- Cost Transparency
2018 has been a pivotal year for cost transparency, culminating with the announcement of the Cost Transparency Initiative (CTI), aligning the PLSA, Investment Association and the Local Government Pension Scheme Advisory Board to take forward the valuable work done by the FCA Institutional Disclosure Working Group (IDWG).
The next big challenge is for the industry to agree on the final template and hash out some of the more fervently debated areas around implicit costs e.g. slippage versus bid/ask methodology. The next challenge will be implementation (i.e. do we have legislation/regulation to enforce suppliers to provide the data to trustees and asset owners) and finally, adoption, to ensure best practice across the industry.
For cost transparency to be a success next year, the framework must be inclusive. The key to this, is ensuring that trustees and assets owners can confidently adopt and interpret the additional information on costs coming their way.
Education will be the underlying detail to bring the industry forward. Transparency workshops and teach-ins will form an important part of Trustee education in 2019, helping trustees improve their decision making and giving them greater control over their schemes.
The role of the regulator and the policymakers will be important to enforcing greater cost transparency, and value for money assessments, as an obligation. There will be some trustees that struggle with the underlying cost detail, and as a result may not fully understand the benefits of greater transparency. On another note, some DB Trustees may never embrace cost transparency, until this becomes a legal requirement.
The trend toward greater ESG awareness is taking place worldwide. In June, Japan’s Government Pension Investment Fund, the largest pension fund in the world with more than $1.3 trillion in assets, announced it plans to raise its allocation to environmentally and socially responsible investments to 10% of its stock holdings from 3% currently.
In the UK the DWP produced ‘The Occupational Pension Schemes Investment and Disclosure Regulations 2018’(47.), that will take effect 1st October 2019. This will require trustees to produce a policy on ESG, including climate change, to be incorporated in their Statement of Investment Principles (SIP). Trustees will also have to prepare a separate statement on member views when they next prepare or update their SIP.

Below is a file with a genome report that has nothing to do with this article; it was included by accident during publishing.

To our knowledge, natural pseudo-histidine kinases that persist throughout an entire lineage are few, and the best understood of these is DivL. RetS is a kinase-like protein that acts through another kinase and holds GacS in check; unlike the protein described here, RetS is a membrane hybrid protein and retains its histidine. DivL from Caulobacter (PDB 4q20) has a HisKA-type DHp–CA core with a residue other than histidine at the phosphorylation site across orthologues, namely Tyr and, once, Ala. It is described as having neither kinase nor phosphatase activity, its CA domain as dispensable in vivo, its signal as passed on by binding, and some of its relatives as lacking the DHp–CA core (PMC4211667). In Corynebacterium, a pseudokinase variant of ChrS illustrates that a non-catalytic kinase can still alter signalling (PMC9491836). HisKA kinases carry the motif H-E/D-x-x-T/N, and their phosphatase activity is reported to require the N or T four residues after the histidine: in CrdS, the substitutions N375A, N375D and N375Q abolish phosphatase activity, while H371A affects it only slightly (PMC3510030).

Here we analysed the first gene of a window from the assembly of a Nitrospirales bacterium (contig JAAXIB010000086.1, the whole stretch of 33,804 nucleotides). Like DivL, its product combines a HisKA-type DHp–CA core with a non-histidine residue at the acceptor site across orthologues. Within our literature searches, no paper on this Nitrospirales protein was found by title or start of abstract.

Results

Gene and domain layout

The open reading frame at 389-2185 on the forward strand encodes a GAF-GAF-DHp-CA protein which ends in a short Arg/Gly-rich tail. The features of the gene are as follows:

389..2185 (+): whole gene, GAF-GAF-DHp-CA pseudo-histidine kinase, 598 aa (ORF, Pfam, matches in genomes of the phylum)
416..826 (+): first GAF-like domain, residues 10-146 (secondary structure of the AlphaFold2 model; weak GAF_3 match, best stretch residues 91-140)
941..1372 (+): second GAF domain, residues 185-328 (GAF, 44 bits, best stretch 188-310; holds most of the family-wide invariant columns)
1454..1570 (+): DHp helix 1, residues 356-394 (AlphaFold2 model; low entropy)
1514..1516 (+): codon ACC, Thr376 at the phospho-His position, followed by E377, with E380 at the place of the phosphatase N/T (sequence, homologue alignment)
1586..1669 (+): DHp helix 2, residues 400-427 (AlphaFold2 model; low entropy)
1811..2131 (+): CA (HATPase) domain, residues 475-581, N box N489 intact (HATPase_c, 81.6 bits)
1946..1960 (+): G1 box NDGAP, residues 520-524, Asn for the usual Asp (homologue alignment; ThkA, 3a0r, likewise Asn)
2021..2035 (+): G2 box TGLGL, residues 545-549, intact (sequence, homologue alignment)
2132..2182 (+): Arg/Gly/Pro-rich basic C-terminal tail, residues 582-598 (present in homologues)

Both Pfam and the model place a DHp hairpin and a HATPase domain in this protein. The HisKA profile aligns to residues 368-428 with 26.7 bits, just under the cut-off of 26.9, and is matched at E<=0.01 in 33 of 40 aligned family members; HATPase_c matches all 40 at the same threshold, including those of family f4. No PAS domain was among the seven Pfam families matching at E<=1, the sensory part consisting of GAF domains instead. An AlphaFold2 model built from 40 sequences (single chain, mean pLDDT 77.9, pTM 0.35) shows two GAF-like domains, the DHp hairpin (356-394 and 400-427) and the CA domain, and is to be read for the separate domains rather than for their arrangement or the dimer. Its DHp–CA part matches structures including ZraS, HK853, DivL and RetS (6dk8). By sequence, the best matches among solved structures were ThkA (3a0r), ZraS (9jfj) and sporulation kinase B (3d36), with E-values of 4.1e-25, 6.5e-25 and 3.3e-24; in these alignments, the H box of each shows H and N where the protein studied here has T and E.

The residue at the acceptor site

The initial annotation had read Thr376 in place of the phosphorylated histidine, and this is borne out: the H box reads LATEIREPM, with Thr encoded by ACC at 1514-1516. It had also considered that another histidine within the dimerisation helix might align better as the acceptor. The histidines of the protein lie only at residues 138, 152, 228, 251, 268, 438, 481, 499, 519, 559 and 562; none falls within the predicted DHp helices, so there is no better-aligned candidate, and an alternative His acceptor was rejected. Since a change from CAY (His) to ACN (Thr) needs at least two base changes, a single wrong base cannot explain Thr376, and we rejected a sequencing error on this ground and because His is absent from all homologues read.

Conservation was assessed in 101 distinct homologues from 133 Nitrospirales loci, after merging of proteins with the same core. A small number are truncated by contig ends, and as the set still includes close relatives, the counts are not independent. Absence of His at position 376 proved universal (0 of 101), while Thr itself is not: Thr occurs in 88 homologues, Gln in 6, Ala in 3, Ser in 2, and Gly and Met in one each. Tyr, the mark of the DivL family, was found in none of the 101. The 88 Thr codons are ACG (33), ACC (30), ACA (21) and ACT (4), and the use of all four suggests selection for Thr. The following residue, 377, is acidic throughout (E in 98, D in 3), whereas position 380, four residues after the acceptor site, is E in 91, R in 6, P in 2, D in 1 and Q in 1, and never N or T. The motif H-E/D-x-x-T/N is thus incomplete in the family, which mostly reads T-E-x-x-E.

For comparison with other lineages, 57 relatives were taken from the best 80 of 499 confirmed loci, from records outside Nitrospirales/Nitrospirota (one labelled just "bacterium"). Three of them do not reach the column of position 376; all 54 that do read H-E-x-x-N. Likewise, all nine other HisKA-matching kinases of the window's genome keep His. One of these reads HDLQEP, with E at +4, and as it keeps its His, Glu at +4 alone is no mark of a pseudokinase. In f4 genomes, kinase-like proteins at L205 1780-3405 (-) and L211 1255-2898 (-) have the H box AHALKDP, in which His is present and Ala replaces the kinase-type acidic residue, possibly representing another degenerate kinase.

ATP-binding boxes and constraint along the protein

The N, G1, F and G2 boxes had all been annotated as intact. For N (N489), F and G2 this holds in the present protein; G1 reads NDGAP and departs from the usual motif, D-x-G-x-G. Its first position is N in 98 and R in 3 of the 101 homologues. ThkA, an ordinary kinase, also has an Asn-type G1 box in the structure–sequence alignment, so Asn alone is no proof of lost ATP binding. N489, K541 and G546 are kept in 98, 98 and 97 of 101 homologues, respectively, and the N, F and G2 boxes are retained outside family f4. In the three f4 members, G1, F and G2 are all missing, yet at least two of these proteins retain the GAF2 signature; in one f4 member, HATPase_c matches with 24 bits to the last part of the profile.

There are a variety of products available which will assist trustees to implement their ESG policy in 2019, including mutual funds and ETFs, ESG Ratings and Indexes and compliance monitoring tools.
Whilst we consider these changes to be positive, this is just another complex area for some Trustees to consider, implement and monitor. Another one to be added to the long list they already have!
Collective Defined Contribution (CDC) pension schemes are a combination of defined contribution (DC) and Defined Benefit (DB). CDC schemes target an amount they will pay out to employees as a lifelong retirement income.
CDCs emerged in the Netherlands in the early 2000s as part of a gradual shift away from DB schemes. A similar move is occurring in the UK, with active membership of UK DB schemes decreasing from over 2 million in 2008 to 1.1 million in 2017, while active DC membership has increased from over 1 million to 7.7 million in the same period, largely driven by auto-enrolment. Despite this, there are concerns that DC schemes in the current set up, may not provide an adequate retirement income for its members. Average total contributions were only 3.4% of pensionable earnings in 2017, where an adequate retirement income may need average lifetime contributions of 43%.
In March 2018 the Communications Workers Union voted to set up a CDC pension scheme with the Royal Mail, reigniting the CDC debate, after the rework of legislation was put on hold in 2015 “given uncertain demand” for CDC schemes. A change in the legislation to allow for CDCs will be drafted after a consultation finishes in January 2019 and brought before Parliament in December of that year.
The implementation of CDC schemes in 2019 will pose legislative challenges and surely set up a debate between those for and against.